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Jean Yang Named to Prestigious "Innovators Under 35" List

Byron Spice Tuesday August 23, 2016
Jean Yang, who is joining the Carnegie Mellon University Computer Science Department as an assistant professor this fall, has been named to MIT Technology Review's annual list of Innovators Under 35.Yang develops tools, languages, and processes to help programmers create the software that they intended. She said she believes it is particularly important to rethink programming models to suit needs of today, when more people who are not computer scientists want to develop their own software.The magazine recognized Yang in the Visionary category of its innovators list for her work on a... 

New Project Helps K–12 Students Become Fluent With Data and Technology

Byron Spice Wednesday August 17, 2016
The future success of today's students hinges more than ever on their ability to think critically, and creatively manipulate technology, media and data. Helping them achieve this level of fluency is the goal of a new project led by Carnegie Mellon University and sponsored by The Heinz Endowments."Our vision is that students will be using technology, multimedia and data as raw materials for supporting their decisions or expressing their creativity," said Jessica Pachuta, a project manager for the CMU Robotics Institute's CREATE (Community Robotics, Education and Technology Empowerment) Lab. "... 

Computer-Aided Verification Award Honors Reynolds

Byron Spice Thursday August 11, 2016
The late John C. Reynolds is one of a group of scientists awarded the 2016 Computer-Aided Verification (CAV) Award for pioneering work on separation logic, an influential framework for reasoning about computer programs and a very active area of research.The CAV Award, presented at the International Conference on Computer-Aided Verification last month in Toronto, cited the group "for the development of separation logic and for demonstrating its applicability in the automated verification of programs that mutate data structures."Separation logic supports local reasoning, in which specifications... 

Carnegie Mellon Wins Third "World Series of Hacking" in Four Years

Daniel Tkacik Monday August 08, 2016
Carnegie Mellon University's competitive computer security team, The Plaid Parliament of Pwning, won its third title in four years at the DefCon Capture the Flag competition.The DefCon Capture the Flag competition, widely considered the "World Series of Hacking," was held Aug. 7–9 in Las Vegas. The win comes on the heels of CMU spinoff ForAllSecure's win at the DARPA Cyber Grand Challenge just days earlier."Our team has put in thousands of hours of practice and it is rewarding to see them win amongst the best hackers in the world," said team faculty adviser David Brumley, director of Carnegie... 

Android App Lets Visually Impaired in India Listen to Texts in Native Languages

Byron Spice Thursday August 04, 2016
Millions of visually impaired people in India may benefit from free, open-source software for Android devices that converts electronic text written in Indian languages into messages they can hear.The text-to-speech (TTS) software, developed by Carnegie Mellon University in collaboration with the Hear2Read project, can now be downloaded free of charge from Google Play. Tamil is the first language offered, with subsequent releases of seven major languages — Hindi, Bengali, Gujarati, Marathi, Kannada, Punjabi and Telugu — expected over the remainder of the year.Four out of five people in India...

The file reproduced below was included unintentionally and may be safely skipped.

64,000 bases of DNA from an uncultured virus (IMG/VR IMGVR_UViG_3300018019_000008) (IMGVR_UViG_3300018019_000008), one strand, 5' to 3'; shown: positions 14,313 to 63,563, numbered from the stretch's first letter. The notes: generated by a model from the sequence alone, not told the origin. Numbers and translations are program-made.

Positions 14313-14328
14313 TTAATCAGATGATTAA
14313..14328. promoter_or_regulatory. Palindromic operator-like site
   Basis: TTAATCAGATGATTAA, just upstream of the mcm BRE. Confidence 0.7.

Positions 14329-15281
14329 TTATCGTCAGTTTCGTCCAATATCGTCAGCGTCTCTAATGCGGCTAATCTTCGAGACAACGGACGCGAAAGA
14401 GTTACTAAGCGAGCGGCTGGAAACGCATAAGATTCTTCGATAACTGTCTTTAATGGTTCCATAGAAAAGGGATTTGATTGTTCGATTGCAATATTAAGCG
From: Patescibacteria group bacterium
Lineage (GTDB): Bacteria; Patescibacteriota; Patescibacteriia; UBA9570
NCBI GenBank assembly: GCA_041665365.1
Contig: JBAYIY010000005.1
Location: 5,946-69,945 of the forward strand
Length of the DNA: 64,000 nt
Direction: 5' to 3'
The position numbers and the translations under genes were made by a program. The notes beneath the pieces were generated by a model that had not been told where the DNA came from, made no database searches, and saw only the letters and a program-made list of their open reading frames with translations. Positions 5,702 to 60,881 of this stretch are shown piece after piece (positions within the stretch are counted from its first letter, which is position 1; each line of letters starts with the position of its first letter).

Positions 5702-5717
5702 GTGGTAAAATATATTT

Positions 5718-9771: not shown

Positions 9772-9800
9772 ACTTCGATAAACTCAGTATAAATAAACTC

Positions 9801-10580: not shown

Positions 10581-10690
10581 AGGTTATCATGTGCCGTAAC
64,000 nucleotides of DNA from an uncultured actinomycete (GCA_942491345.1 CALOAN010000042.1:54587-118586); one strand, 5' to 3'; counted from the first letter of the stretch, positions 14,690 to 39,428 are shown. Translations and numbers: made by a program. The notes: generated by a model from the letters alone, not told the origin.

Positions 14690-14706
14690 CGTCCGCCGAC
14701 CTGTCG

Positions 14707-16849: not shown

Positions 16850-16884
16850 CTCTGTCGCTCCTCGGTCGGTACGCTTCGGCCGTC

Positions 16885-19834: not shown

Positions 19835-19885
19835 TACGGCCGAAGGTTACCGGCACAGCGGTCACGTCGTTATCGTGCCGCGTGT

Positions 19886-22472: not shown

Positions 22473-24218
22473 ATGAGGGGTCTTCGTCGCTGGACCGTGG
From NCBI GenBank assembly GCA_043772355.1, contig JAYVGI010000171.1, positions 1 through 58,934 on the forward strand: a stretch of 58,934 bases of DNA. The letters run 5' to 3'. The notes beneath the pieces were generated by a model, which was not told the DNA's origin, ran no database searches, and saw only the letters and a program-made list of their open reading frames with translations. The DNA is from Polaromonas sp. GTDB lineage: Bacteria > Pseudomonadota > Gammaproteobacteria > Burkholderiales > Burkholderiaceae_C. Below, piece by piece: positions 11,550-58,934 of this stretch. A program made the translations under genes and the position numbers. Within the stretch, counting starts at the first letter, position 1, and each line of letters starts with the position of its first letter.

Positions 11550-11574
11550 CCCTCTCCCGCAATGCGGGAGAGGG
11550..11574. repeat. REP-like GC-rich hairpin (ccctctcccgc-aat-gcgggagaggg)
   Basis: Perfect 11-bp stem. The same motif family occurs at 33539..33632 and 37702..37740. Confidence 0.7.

Embracing the Free Market for Brilliant People

Andrew Moore Wednesday August 03, 2016
The following article, penned by School of Computer Science Dean Andrew Moore, originally appeared in The Conversation on Tuesday, Aug. 2.When Uber decided to develop its own self-driving car, it went big. The company came to Carnegie Mellon University, the epicenter for autonomous driving research for three decades, and hired away four professors and 36 technical staff members.A lot of news reports described that as "poaching." I call it embracing the free market for brilliant people.As dean of CMU's School of Computer Science, I don't take lightly the loss of 40 valued employees. We in... 

Carnegie Mellon's CREATE Lab Expands Education Network Nationally

Byron Spice Tuesday August 02, 2016
A program to empower students with technology by leveraging Carnegie Mellon University's robotics and computer science talent with education expertise at partner universities is expanding beyond the Western Pennsylvania/West Virginia region to include satellite labs in Atlanta and Salt Lake City.With support from a $250,000 grant from the Infosys Foundation USA, CMU's Community Robotics, Education and Technology Empowerment (CREATE) Lab will work with partners in both cities to provide educators with tools and training to help their students learn about technology and adapt it to their... 

Adding Up How the Brain Does Math

Shilo Rea Thursday July 21, 2016
A new Carnegie Mellon University neuroimaging study reveals the mental stages people go through as they solve challenging math problems.In the study, which was published in Psychological Science, researchers combined two analytical strategies to use functional magnetic resonance imaging to identify patterns of brain activity that aligned with four distinct stages of problem-solving: encoding, planning, solving and responding."How students were solving these kinds of problems was a total mystery to us until we applied these techniques," said John Anderson, the R.K. Mellon University Professor...